As an avid fan of Mad Men, and an elder law attorney, the way the show dealt with one of the character’s senility brought the show right into the present.
Back in the ‘60s, so many women were stay at home mothers. When a parent, or an -in-law started needing more help, it was these wives and mothers who were expected to take care of the parent who needed assistance.
The show didn’t take the easy route. The son, Pete, and his wife had recently split up, a fact the son neglected to tell the rest of his family. Pete, as typical of his character, is dismissive of his mother and tries to pawn her off on his brother, but they knew and insisted he share the responsibility.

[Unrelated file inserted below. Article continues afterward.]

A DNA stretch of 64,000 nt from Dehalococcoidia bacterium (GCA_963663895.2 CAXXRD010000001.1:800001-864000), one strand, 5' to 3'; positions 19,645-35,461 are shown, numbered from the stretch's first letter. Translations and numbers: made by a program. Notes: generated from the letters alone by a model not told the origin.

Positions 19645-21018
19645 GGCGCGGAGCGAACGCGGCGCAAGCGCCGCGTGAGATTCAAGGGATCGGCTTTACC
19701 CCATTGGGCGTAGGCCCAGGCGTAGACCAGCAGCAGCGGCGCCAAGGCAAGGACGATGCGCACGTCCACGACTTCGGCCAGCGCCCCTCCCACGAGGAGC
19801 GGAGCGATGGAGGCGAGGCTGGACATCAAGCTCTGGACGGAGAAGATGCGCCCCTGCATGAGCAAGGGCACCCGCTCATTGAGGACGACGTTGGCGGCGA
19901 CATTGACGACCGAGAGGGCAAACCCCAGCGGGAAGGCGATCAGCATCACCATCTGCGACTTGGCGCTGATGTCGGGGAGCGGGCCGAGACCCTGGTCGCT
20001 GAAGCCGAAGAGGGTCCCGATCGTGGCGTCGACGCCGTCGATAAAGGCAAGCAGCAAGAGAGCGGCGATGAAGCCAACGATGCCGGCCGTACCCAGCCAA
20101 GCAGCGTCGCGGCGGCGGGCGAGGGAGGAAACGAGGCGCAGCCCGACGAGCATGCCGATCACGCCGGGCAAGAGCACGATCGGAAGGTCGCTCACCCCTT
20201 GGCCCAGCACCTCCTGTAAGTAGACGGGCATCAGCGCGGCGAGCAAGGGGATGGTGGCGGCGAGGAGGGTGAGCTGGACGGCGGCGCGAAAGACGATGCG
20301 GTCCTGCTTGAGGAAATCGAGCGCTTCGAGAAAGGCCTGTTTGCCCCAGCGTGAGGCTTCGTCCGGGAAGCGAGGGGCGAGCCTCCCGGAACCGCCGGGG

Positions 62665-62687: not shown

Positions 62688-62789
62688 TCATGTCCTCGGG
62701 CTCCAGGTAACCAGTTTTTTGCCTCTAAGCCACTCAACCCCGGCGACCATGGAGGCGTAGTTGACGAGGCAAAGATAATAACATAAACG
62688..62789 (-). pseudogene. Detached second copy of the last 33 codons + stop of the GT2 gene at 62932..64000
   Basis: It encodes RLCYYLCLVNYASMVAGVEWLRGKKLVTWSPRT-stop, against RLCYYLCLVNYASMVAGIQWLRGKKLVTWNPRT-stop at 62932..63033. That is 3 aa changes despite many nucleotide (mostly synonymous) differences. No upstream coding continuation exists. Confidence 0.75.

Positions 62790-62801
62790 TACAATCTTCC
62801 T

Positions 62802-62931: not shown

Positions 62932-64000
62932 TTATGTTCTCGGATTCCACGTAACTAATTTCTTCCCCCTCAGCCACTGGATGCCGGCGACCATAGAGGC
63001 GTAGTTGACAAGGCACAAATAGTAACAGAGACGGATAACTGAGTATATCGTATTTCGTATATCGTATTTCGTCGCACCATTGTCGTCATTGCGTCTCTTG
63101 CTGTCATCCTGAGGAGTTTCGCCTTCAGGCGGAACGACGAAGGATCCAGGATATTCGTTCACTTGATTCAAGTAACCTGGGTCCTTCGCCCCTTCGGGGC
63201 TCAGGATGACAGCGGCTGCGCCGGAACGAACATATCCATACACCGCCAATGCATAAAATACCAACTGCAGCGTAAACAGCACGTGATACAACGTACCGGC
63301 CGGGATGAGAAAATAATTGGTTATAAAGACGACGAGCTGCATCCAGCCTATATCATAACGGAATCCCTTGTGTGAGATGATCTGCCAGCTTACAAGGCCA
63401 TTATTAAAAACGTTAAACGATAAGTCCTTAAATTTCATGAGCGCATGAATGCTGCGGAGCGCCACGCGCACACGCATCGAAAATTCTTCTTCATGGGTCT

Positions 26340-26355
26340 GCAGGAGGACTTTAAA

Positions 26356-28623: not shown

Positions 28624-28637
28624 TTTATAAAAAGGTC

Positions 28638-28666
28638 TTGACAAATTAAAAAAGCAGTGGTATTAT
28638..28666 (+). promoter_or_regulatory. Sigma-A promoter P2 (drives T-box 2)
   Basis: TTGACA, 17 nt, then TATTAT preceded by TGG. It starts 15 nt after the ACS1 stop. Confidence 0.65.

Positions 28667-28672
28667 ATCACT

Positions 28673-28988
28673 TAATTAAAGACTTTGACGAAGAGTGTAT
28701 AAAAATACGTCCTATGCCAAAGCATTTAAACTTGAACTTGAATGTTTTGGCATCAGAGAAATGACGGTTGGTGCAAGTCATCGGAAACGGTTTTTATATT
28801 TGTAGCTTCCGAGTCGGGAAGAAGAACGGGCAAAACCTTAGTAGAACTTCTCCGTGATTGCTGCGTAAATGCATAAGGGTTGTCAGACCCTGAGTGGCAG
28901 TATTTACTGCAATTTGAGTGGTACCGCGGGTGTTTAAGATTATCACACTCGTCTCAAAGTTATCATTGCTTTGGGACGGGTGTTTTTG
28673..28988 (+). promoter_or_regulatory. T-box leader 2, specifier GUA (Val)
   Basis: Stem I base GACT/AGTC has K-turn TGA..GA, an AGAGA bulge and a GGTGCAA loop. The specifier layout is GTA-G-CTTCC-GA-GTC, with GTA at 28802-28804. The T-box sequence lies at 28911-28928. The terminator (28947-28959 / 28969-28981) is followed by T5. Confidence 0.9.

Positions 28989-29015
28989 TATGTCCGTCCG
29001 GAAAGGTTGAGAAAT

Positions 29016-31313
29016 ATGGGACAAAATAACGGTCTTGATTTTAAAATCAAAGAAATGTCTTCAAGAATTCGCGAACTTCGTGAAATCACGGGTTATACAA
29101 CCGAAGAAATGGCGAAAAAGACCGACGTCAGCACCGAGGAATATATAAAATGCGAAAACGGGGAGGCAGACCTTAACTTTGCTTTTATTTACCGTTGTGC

So, how is Pete going to handle this? I hope the show continues to deal with it— and I suspect they will. One of the more beloved characters, the ad agencies’ founder, gave a speech at the beginning of the episode that was unfocused—the partner/office manager merely patted him on the back and complimented him.


One Response to “Mad Men Tackles Dementia”

  1. Marylyn

    Have you seen the latest episode? I really am wondering if Pete's mother's dementia would cause her to so VIVIDLY imagine Manolo has satisfied her sexually. Or is it really true? Why would she say such things to Peggy/Trudy?

    Reply

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